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Monday, March 31, 2008

May 2008 HelpLine

When New Tech Meets Old Tech

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Aspect Respect
Q) I've been considering changing from a CRT to an LCD display. Having a wide LCD TV, I know that it can display an image in its proper 1:1 aspect ratio or distort it to fill the screen. I was allowed to try a widescreen LCD at home (no manual), and an image in Photoshop looked like it was stretched horizontally, regardless of its overall display magnification. I set the selection marquee to a 1:1 Fixed Ratio and, sure enough, I got a rectangle. That doesn't go! My question is, can one expect widescreen LCD monitors to have settings to switch between displaying the image in its proper 1:1 aspect ratio, as opposed to stretching it to fill the screen, and at a true 1:1 image aspect ratio, are the sides of the screen black and useless, or available for parking toolboxes?

Lew Diehl
Houston, Ohio

A) Before I answer your question, I need to clarify some things about displays. With the advent of digital television (DTV), more and more people have high-definition video displays in their living rooms, great rooms, home theaters and home offices. One of the biggest changes that these displays bring is a different aspect ratio.

The old television system has an aspect ratio of 4:3 (width to height). High definition has an aspect ratio of 16:9. Since there's still a great deal of programming that has been produced at 4:3, there needs to be a way to deal with differences in aspect ratios. (Even though I'm talking about television programs, this also affects digital photography. HD sets have video inputs that allow you to connect your camera so you can present your images on a high-definition display. The latest and greatest sets even have card reader slots. All you need to do to display your images is insert your memory card.)

There are several options that can address the 4:3 "shortcoming." The first is to stretch out the image so it fills the screen. This method doesn't respect the original aspect ratio and it makes everything look wider. (If you thought it was difficult to answer the question, Does this dress make me look fat?, you might want to avoid this setting.)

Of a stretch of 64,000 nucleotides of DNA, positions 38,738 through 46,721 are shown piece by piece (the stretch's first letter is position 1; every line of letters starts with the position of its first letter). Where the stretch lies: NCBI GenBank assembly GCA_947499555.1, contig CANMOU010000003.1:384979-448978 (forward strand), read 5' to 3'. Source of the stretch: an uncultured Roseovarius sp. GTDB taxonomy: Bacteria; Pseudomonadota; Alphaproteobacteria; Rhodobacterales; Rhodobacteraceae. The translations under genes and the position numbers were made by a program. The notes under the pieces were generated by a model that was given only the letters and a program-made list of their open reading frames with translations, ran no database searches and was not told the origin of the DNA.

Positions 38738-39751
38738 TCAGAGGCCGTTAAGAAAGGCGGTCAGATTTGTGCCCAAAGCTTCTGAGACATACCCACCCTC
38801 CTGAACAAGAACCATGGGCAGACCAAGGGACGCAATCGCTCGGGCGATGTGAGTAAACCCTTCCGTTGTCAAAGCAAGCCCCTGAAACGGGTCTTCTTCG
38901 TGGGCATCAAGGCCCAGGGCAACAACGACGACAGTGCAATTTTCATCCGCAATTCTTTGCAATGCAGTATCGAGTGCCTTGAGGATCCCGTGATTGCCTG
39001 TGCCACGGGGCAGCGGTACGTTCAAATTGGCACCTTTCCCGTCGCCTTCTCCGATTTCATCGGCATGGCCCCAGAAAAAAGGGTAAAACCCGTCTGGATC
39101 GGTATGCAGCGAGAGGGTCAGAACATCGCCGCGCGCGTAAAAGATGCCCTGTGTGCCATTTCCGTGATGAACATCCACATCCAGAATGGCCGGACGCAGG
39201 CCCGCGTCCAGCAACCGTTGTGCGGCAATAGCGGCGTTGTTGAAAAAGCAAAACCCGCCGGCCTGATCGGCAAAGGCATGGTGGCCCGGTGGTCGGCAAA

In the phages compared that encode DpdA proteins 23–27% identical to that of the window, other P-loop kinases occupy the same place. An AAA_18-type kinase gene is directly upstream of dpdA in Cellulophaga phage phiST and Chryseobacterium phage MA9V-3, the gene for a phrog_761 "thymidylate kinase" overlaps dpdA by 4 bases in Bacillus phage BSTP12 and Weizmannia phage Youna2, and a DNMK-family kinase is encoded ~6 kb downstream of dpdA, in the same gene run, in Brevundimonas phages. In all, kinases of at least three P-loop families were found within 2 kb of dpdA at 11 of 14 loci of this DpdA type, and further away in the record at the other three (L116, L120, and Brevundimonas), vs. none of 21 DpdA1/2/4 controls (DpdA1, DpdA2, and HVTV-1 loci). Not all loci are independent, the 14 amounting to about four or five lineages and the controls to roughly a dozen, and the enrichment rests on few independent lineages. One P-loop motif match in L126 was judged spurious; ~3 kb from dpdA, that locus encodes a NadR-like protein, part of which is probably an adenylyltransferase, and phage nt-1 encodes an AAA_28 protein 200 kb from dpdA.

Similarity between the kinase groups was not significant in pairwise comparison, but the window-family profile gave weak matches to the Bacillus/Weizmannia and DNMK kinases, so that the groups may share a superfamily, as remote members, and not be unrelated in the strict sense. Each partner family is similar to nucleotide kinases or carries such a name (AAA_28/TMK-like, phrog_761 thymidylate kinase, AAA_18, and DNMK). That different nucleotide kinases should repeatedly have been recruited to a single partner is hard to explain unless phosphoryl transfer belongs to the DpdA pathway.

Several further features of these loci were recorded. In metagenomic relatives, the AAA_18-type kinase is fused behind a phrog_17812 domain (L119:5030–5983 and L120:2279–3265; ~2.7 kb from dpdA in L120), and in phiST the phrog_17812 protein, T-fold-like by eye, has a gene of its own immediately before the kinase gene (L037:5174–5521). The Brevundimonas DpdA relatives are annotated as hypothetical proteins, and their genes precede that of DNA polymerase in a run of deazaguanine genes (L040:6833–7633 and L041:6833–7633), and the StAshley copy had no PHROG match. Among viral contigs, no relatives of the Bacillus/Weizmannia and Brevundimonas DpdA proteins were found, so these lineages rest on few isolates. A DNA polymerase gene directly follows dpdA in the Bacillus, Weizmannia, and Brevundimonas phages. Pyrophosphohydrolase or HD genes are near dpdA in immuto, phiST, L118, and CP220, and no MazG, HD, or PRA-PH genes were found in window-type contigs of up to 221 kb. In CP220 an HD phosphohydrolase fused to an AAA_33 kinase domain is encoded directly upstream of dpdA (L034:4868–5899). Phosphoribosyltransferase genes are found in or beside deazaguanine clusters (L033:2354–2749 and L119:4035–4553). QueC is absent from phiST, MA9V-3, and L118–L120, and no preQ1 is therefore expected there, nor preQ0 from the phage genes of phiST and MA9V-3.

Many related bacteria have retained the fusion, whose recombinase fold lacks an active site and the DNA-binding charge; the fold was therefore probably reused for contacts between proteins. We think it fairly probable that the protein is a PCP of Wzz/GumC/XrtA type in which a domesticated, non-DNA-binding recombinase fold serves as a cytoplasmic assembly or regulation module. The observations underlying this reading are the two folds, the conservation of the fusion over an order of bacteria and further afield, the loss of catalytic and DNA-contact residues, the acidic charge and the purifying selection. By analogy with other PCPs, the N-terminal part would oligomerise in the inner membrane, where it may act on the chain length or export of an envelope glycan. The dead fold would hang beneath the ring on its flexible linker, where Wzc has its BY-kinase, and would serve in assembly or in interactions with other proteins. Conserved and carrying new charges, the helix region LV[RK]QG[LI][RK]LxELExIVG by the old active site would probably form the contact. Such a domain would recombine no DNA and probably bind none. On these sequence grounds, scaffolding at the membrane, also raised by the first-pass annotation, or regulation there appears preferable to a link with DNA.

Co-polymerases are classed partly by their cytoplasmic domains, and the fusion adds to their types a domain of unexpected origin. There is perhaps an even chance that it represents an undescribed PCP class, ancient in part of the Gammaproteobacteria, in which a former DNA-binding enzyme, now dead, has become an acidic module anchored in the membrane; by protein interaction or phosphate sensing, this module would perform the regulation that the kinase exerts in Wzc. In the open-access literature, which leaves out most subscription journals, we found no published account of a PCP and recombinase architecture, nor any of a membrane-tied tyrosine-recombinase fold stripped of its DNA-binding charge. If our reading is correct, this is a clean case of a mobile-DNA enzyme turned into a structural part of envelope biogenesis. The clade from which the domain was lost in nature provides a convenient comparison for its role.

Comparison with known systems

A second option respects the original aspect ratio of the image. Your image fills the display top to bottom, but the left and right sides of the screen will have black or gray boxes, or pillars. This is known as pillar boxing. This is the most accurate way to display your imageā€”it respects the aspect ratio of the original image.

There's a third option, which keeps the original aspect ratio of the image, but zooms in on it to eliminate the black bars at the left and right of the image. While many people are distracted by the black bars and prefer this method, it crops the top and bottom of the image, so you lose parts of your original composition.

I think, however, that Lew's question deals with widescreen monitors that are connected to a computer. In this case, a specific standard doesn't lock us into a display like our television system does. When you hook up a widescreen display to your computer, you want your video card to output the number of pixels that can be displayed on the LCD. For example, if your display is 1440 x 900, then your video card should output 1440 x 900. It should create a desktop with that format. There's no reason for the LCD to "stretch the pixels" unless your card won't support the resolution, nor is there any reason for black bars on the left and right.

And, as Lew pointed out, distorting the desktop changes squares into rectangles-and makes all the people in your pictures look fat. And do you really want to go there?

If you have questions, please send them to HelpLine, PCPhoto Magazine, 12121 Wilshire Blvd., Ste. 1200, Los Angeles, CA 90025 or This e-mail address is being protected from spambots. You need JavaScript enabled to view it .


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